As promised last week, today I've got parts of a new story, fresh out of editing. I think I'm becoming a better editor, and as a result my stories are getting leaner and (I think, at least) better. Here's the opening of a story, currently titled "The Wolf," about two men who hear from their long-absent mother only on holidays, and what happens the day they don't. The title is only temporary, until I think of a better one.
Sam stood by the kitchen counter, slicing a loaf of Italian bread into half-inch cubes when Dave came in holding the blue three-ring binder. Sam kept cutting, as though this task required his complete concentration, and didn’t look up at his brother until he had chopped most of the loaf and swept the cubes into a glass bowl. He carried the two ends, which he had not diced, to the table. He sat down and handed one to Dave.The binder is Dave's record of everything they know about their mother, from the phone calls to photographs of strangers who might be her. This next scene is Sam's last memory of her before she left, and is one of my favorite scenes.
“This is good bread,” Dave said, sinking his incisors into the round piece and tearing it like it was a piece of meat. “It’s really crusty and chewy.”
“It’s from the bakery in town. Need any butter, or olive oil?”
“No, that’s all right. Plain is fine.” Sam looked across the table, not yet starting on his bread. He had a habit, carried over from childhood, of watching Dave eat first, at least for a minute or two. It was strange, like seeing himself eat. Once, when he was very small, Sam even managed to convince himself that by watching his twin, he could fill his own stomach.
Dave had let his hair grow long and his beard had filled in, so they didn’t look like each other as much as they once had; for Sam, it was like seeing what he would look like if he lived outside for half the year, without regular access to hot water or a barber. It wasn’t that Dave looked dirty—the Park Service expected him to be presentable and professional—but Sam could see his discomfort in dress shoes, his glances into the backyard like he could not wait to get back out. Sam took a bite of his bread and looked at the tabs sticking out of the binder, each of them labeled. He wondered if it had gotten much thicker than the year before, or if it was just his imagination: considering the information inside, he wouldn’t be surprised if he dreamt it into a larger, more mythical collection.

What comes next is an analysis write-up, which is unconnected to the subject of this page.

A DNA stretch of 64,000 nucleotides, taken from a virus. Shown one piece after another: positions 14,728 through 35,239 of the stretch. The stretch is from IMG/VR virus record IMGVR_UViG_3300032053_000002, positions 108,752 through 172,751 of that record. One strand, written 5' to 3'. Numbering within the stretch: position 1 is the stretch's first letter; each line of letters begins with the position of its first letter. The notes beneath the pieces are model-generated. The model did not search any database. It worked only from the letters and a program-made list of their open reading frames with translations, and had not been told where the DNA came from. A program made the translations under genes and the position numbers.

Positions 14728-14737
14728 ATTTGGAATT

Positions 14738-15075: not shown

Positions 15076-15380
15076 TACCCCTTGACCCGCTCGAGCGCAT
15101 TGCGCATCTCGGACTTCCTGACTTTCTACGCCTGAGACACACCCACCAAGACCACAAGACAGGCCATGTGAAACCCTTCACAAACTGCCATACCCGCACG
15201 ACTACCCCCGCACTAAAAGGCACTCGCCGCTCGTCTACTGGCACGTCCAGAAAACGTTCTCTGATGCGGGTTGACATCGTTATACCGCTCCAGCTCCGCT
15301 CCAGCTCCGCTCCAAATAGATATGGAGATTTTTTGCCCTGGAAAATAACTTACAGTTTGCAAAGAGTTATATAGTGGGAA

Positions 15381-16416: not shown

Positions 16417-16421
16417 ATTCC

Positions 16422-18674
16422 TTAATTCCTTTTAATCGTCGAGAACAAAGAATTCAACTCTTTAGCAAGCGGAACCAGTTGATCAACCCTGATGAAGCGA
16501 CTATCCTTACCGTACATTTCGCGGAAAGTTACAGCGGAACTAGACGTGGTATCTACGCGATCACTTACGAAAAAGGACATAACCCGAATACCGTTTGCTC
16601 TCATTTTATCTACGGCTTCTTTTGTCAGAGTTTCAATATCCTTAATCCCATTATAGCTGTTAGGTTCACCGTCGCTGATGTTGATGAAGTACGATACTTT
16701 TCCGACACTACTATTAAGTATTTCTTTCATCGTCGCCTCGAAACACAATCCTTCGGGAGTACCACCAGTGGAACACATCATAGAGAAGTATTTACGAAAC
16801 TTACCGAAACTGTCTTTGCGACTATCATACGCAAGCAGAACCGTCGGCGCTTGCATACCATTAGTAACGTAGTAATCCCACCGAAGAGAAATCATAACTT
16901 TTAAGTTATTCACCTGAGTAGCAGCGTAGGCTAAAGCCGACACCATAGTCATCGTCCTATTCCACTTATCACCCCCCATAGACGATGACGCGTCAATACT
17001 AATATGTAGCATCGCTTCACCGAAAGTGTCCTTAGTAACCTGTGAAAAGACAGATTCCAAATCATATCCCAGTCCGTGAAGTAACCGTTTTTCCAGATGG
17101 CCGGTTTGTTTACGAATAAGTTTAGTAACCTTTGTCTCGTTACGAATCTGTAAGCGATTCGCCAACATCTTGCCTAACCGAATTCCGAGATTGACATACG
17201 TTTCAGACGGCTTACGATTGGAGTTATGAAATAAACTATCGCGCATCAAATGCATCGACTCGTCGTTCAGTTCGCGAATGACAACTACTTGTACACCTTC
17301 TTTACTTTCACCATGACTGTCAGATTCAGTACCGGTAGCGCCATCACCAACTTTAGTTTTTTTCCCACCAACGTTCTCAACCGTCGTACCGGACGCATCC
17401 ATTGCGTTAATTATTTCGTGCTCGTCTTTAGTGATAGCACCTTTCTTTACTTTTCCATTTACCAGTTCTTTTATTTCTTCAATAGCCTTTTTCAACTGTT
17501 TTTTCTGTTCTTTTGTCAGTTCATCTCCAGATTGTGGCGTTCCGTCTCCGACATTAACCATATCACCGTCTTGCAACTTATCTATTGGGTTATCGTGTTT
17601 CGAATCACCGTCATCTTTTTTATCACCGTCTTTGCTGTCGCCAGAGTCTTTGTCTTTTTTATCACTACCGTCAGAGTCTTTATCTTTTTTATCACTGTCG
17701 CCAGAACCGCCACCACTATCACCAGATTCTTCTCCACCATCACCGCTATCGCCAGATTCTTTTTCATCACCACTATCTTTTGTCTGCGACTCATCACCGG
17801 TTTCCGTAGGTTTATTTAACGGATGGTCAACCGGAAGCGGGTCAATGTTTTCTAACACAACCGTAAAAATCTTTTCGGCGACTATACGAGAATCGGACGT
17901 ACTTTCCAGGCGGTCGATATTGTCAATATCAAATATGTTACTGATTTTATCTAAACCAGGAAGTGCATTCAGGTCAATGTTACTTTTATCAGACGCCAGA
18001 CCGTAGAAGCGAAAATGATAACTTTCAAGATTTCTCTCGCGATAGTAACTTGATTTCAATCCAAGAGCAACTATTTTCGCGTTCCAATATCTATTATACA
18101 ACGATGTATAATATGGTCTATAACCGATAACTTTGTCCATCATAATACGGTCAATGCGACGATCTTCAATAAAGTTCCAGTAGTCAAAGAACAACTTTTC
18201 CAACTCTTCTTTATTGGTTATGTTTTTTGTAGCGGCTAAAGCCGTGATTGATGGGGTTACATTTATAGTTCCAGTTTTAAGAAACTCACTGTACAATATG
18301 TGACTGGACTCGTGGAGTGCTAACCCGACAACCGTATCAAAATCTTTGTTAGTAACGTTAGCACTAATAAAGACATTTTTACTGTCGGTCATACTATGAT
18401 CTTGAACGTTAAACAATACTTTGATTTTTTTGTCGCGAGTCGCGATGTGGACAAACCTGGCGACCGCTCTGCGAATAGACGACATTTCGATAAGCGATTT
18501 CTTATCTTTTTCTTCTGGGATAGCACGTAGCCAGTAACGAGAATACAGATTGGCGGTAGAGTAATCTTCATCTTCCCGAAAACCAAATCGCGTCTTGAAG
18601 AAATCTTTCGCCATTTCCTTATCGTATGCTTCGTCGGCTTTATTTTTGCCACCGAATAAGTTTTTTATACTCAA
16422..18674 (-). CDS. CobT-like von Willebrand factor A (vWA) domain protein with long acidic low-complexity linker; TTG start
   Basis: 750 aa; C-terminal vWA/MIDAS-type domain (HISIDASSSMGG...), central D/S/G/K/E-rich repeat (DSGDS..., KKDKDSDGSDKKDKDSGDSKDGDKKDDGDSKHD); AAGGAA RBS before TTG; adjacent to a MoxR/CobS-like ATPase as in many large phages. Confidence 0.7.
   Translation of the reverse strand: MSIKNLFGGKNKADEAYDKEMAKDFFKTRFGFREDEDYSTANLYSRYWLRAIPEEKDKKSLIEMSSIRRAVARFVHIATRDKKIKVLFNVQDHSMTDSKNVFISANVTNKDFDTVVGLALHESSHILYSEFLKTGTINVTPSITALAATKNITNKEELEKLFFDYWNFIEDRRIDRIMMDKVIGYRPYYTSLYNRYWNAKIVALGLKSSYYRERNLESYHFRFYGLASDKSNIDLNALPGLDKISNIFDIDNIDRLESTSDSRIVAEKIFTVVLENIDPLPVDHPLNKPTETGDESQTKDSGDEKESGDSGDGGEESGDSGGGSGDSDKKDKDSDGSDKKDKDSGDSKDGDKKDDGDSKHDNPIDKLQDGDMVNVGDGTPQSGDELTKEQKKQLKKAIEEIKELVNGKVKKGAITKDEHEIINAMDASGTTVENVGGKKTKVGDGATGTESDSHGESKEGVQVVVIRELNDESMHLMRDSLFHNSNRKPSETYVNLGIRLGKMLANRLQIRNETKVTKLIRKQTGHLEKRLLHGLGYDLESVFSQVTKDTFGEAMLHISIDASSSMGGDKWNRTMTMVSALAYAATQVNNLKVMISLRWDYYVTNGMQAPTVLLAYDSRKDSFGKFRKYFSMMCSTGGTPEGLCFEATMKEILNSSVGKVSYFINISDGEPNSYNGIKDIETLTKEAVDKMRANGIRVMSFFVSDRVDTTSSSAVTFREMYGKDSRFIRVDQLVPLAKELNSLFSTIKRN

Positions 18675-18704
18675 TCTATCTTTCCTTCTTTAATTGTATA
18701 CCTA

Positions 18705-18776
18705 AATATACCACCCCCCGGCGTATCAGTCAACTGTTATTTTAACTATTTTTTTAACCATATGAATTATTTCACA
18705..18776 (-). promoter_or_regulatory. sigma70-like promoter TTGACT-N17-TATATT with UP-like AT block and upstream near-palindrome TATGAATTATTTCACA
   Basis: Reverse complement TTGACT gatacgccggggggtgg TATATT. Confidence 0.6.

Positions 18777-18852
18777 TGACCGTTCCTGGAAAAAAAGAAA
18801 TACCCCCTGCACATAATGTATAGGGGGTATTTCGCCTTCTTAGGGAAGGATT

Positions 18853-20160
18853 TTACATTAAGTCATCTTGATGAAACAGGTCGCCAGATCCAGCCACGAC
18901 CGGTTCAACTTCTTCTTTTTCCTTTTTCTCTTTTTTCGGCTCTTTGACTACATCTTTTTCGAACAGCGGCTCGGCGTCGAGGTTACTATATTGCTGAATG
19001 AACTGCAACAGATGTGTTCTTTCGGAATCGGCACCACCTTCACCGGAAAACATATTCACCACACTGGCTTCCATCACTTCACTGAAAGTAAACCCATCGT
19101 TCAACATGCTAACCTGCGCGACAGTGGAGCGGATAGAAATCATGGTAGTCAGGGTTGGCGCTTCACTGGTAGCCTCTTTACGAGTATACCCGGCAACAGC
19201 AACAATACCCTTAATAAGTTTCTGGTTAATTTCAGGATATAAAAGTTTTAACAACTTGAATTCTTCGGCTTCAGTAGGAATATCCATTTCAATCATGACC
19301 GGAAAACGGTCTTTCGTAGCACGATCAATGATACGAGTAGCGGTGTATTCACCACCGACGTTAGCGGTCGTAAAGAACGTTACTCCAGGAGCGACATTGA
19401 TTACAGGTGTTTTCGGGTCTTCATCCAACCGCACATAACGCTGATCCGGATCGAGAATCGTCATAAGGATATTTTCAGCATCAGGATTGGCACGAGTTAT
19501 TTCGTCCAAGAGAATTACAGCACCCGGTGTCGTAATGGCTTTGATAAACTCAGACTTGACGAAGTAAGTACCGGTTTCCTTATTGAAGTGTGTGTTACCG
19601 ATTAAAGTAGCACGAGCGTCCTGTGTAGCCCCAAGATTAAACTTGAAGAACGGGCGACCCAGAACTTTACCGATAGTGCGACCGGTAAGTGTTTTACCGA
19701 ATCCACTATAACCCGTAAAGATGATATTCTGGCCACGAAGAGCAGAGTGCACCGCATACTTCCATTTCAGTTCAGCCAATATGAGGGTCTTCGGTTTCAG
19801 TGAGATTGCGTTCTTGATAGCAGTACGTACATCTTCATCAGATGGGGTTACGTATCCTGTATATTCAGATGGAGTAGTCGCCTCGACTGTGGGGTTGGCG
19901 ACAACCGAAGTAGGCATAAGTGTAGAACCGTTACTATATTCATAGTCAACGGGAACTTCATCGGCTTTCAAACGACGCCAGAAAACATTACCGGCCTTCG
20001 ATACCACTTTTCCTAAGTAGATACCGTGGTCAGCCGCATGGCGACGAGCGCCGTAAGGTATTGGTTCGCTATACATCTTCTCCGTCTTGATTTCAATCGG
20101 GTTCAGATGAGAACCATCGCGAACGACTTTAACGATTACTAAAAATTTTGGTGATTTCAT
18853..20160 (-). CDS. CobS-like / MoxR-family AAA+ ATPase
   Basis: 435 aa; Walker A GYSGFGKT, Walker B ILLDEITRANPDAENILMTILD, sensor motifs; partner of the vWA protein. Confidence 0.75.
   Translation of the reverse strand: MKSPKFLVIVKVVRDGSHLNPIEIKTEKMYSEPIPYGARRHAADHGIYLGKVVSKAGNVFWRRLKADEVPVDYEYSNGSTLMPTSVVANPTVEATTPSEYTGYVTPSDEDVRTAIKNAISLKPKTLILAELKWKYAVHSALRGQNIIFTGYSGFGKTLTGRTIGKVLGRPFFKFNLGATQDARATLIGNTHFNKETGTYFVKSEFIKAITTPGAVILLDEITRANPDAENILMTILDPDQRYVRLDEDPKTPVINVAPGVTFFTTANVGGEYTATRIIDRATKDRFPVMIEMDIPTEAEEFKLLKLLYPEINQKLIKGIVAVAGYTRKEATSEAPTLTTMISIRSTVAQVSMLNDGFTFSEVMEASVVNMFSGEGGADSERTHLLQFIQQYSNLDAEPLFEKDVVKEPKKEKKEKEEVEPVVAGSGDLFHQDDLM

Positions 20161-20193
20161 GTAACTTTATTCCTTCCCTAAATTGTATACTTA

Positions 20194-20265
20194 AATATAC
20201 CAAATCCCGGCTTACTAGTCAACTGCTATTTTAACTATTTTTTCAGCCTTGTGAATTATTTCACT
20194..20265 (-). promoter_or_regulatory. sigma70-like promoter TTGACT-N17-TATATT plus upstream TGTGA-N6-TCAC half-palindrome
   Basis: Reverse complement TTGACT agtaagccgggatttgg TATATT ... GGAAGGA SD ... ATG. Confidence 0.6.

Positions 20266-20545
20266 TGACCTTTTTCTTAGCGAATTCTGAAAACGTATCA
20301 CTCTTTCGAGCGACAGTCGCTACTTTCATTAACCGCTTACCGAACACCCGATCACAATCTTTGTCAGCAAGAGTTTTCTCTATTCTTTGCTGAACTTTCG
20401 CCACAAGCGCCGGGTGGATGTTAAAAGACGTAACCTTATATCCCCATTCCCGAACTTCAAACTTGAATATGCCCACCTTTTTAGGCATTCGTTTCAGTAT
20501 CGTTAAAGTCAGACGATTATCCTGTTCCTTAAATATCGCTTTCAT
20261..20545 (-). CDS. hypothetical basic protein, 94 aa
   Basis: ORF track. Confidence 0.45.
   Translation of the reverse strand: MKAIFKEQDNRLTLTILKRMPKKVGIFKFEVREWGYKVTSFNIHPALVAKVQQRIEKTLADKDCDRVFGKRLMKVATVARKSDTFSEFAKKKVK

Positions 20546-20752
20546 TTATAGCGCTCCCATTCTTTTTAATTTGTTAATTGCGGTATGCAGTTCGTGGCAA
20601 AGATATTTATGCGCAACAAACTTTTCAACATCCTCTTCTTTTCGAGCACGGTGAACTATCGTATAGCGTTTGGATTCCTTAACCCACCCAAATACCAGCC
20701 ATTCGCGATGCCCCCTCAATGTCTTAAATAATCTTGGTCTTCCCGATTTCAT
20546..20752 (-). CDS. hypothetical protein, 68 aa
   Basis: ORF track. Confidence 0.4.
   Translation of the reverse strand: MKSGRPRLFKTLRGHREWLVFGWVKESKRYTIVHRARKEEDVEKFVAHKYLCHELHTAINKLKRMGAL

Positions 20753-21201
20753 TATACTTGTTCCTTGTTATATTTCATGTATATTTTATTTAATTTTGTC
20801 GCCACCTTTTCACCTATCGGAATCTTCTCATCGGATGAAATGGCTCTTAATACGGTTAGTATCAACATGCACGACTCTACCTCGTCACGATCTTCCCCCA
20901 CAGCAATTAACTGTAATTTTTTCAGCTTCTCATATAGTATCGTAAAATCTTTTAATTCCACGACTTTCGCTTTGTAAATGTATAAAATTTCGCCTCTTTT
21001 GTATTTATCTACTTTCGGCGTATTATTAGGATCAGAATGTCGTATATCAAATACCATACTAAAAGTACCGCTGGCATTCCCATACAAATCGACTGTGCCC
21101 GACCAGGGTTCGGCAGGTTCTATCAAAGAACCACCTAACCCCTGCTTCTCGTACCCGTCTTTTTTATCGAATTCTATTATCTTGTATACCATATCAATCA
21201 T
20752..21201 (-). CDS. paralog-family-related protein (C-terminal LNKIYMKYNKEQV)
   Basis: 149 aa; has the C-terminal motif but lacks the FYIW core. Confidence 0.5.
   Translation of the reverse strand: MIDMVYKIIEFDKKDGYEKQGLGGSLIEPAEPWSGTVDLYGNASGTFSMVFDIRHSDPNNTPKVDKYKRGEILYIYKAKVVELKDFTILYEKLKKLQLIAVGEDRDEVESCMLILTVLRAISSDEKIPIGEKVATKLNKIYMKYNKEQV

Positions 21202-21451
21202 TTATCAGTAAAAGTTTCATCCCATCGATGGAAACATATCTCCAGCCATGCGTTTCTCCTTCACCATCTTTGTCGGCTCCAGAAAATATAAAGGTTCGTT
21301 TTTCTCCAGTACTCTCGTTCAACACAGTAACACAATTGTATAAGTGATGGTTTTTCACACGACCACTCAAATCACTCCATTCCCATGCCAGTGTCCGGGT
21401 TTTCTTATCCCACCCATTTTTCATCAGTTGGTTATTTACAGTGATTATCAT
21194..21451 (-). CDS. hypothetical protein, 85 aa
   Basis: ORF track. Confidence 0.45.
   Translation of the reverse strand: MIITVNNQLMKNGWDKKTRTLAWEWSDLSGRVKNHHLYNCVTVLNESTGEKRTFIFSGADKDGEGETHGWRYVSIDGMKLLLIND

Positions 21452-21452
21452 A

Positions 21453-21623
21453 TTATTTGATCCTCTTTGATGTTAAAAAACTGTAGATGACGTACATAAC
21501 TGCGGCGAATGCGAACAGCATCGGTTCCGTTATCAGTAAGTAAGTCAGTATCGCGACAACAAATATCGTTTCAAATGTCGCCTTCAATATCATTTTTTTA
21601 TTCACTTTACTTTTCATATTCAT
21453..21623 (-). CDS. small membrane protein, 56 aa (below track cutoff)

“Do we have to break out the binder already? That can’t wait for dessert tomorrow?”
Rhea sat them both on the kitchen counter, the spot where she always placed her sons when she prepared them to leave the house; every morning she would have them sit there, Sam on the left and Dave on the right, to inspect their faces and fingernails. It was the same counter where she gave them haircuts, looking from Dave to Sam to ensure her work was even. Tonight, she sewed their shirts together, a seam that began two inches above the waist.
“Don’t move,” she said. “If you wiggle around, the stitches might come undone.” She took an ashtray from the kitchen table and examined the cigarette she had left there a few minutes earlier. Satisfied that it was still lit, she took a long drag and regarded her sons. “I don’t know why I didn’t think of this sooner,” she said.
She finished sewing and tugged at the seam a few times before standing up straight, pleased with her work. “Get your pillowcases,” she said. “And hop down together, would you? I don’t want to have to sew you up again.” The twins shuffled off of the countertop and shambled, conjoined, down the hallway. When they returned, Rhea told them they were going with the neighbors, that she would see them when they came back later that night. She kissed each of them on the forehead and said she loved them, shepherding them outside.
Three hours later, after an evening of wandering the neighborhood with Margaret, the woman next door, and her children, the boys returned home to find their father sitting on the porch, drinking whiskey from an empty jam jar printed with Tom and Jerry cartoons. The porch light cast sharp shadows across the lawn, the only illumination on the dirt road. Sam knew almost instantly, before Margaret even put her hands on their shoulders, that he would remember this moment for the rest of his life, the exact instant he and his brother, fused at the waist, transformed into pair of motherless freaks.
So that's about the first half. I'm really happy with it so far, but like I said, the title is giving me some problems. I am open to suggestions.